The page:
Impact on government: There is not control because the government is pretty bad, the government is not really in control of the regions of where the minerals are sourced and if they are in control if is a very military lead control and those military workers are usually not the best so they take the proof for themselves and that happens quite often in Congo. Stated by Marcus Bleasdale on PBS Newshour.
Impact on child safety: Marcus Bleasdale stated “When the fighting would start again children working in the mines in Congo would leave the mines and get forced to pick up a gun and get forced to fight for the militia they are working for in the mines.”
Solutions to stop the negative impacts: There are lots of different Solutions to this problems like sending a letter to the companies using elements from the Congo in there products, use different products from a different companies that don’t use conflict minerals, change the technology we use at YIS or like never buy/use technology again and just saying those are not really solutions I came up with because most of them would be really hard to do and some even impossible so I came up with a solution that could be possible so here is what I thought off: If Apple and all those companies that use conflict minerals in their products would make a serves where if your technology does not work any more for what ever reason and you could bring the broken/old technology back to the store you got it from and then the store could use the elements that still work inside the technology that you gave back and take the elements recycle them and use them in their new products so that they would not have to impact the world negatively as much.
- Apple. “IPad.” Apple. Apple Inc., 2016. Web. 16 Nov. 2016. http://www.apple.com/
- 911 Metallurgist. “Mining & IPhone Recycling.” 911 Metallurgist. Copyright 2012-2015, 2015. Web. 17 Nov. 2016.https://www.911metallurgist.com/mining-iphones/
- News, BBC. “DR Congo Minerals: Most Mines ‘conflict Free’ since US Law.” BBC News. 2016 BBC., 10 June 2014. Web. 16 Nov.2016.http://www.bbc.com/news/world-africa-27782829
- Agnew, William. “How To Use Solder When Cell Phone Soldering! – Cell Phone Repair Training School | Samsung & IPhone Repair Training Classes, Courses.” Cell Phone Repair Training School | Samsung & IPhone Repair Training Classes, Courses. Cellular Repair School, 11 Mar. 2015. Web. 19 Nov. 2016.http://cellularrepairschool.com/use-solder-cell-phone-soldering/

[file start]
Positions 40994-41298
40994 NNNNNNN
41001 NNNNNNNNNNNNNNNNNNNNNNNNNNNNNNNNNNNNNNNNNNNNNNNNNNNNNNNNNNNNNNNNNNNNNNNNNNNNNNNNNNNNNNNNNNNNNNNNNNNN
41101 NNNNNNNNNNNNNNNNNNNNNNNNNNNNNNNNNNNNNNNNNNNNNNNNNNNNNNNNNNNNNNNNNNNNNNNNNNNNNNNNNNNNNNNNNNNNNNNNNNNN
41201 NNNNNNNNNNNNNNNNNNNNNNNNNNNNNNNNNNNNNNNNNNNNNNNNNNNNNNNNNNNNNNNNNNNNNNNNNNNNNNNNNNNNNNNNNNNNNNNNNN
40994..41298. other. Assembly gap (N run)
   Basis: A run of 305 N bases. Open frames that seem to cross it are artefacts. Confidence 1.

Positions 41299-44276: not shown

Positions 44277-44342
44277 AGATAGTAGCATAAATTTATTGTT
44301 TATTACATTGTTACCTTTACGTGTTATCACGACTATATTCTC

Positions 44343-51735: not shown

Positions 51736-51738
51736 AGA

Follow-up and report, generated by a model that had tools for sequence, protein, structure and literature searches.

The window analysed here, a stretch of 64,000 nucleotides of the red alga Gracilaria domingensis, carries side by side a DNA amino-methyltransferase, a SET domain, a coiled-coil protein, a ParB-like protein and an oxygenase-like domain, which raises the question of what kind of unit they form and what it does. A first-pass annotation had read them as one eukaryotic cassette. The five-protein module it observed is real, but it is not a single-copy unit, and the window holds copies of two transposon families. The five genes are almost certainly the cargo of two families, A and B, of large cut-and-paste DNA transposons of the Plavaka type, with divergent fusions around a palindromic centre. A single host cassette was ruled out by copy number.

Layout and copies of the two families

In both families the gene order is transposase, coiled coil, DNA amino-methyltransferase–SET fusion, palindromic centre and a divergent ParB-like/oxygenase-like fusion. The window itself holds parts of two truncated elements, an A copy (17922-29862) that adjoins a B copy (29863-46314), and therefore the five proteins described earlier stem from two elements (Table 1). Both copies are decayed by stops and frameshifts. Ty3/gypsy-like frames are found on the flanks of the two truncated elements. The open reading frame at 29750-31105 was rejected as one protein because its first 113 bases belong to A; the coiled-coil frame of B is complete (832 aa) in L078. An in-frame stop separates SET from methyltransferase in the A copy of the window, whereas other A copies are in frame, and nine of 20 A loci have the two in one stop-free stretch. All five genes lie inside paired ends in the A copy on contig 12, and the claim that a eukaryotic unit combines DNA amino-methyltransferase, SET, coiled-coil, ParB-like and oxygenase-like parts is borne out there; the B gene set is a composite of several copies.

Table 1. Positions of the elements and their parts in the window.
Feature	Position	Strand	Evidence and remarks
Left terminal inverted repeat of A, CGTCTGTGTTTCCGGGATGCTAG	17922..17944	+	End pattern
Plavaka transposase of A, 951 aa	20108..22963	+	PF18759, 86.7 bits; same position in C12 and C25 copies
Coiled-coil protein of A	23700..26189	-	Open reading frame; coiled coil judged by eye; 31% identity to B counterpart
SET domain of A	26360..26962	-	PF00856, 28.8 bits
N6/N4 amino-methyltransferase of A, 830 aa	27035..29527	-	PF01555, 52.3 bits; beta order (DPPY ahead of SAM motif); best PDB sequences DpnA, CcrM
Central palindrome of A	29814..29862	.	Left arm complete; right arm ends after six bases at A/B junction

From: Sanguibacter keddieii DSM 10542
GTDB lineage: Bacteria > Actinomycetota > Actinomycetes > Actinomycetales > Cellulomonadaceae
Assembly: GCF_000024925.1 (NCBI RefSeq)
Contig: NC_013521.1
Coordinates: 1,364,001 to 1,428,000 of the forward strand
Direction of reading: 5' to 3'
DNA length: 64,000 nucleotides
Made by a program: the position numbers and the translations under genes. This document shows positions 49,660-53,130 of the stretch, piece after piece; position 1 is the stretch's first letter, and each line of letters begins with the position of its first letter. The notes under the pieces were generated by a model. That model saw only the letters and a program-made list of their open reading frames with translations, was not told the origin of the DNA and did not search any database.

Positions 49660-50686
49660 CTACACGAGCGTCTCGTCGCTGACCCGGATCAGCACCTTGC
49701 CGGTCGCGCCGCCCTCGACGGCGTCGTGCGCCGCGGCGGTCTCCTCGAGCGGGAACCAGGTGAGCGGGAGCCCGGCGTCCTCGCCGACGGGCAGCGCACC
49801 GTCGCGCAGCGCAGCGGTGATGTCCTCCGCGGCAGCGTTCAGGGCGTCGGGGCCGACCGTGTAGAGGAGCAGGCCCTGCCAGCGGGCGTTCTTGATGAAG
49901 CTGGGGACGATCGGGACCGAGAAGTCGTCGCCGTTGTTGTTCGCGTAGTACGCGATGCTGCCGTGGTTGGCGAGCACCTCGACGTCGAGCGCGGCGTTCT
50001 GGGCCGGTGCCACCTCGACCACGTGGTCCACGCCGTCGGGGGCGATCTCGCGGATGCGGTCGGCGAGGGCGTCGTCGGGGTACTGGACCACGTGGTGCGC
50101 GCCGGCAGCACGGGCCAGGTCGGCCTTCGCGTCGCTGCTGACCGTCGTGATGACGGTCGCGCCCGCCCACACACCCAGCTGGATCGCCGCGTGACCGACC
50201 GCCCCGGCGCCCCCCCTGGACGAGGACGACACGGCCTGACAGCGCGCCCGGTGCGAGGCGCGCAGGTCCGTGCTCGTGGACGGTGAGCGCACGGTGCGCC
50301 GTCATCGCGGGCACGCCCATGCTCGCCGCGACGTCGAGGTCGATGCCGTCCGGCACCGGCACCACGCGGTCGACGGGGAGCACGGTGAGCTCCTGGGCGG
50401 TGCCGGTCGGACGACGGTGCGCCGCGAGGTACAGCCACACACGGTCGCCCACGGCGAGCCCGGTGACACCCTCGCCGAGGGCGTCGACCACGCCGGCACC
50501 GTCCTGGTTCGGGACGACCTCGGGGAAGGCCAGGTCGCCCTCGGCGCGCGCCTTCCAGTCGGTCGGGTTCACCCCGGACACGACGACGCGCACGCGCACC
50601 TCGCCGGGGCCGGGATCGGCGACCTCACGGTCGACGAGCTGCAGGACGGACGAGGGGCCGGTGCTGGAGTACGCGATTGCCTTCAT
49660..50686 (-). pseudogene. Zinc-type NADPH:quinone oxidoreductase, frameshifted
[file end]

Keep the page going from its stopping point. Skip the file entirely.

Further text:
- TrustwayMetal. “What Parts In a Cell Phone Are Gold.” What Parts In a Cell Phone Are Gold | Trustway Metal. TrustwayMetal.com, 2016. Web. 19 Nov. 2016.http://trustwaymetal.com/what-parts-in-a-cell-phone-are-gold/
- Bleasdale, Marcus. “Conflict Minerals from the Congo to Your Cell Phone.” PBS. PBS, 5 Oct. 2013. Web. 19 Nov. 2016.http://www.pbs.org/newshour/bb/entertainment-july-dec13-bleasdale_10-05/
- @compoundchem. “The Chemical Elements of a Smartphone.” Compound Interest. Andy Brunning/Compound Interest., 04 May 2015. Web. 19 Nov. 2016.http://www.compoundchem.com/2014/02/19/the-chemical-elements-of-a-smartphone/
- Kelly, Annie. “Children as Young as Seven Mining Cobalt Used in Smartphones, Says Amnesty.” The Guardian. Guardian News and Media, 18 Jan. 2016. Web. 19 Nov. 2016. https://www.theguardian.com/global-development/2016/jan/19/children-as-young-as-seven-mining-cobalt-for-use-in-smartphones-says-amnesty
- Wakefield, Jane. “Apple, Samsung and Sony Face Child Labour Claims.” BBC News. BBD Inc., 19 Jan. 2016. Web. 19 Nov. 2016.http://www.bbc.com/news/technology-35311456
- Bleasdale, Marcus. “Conflict Minerals from the Congo to Your Cell Phone.” PBS. PBS, 5 Oct. 2013. Web. 19 Nov. 2016. http://www.pbs.org/newshour/bb/entertainment-july-dec13-bleasdale_10-05/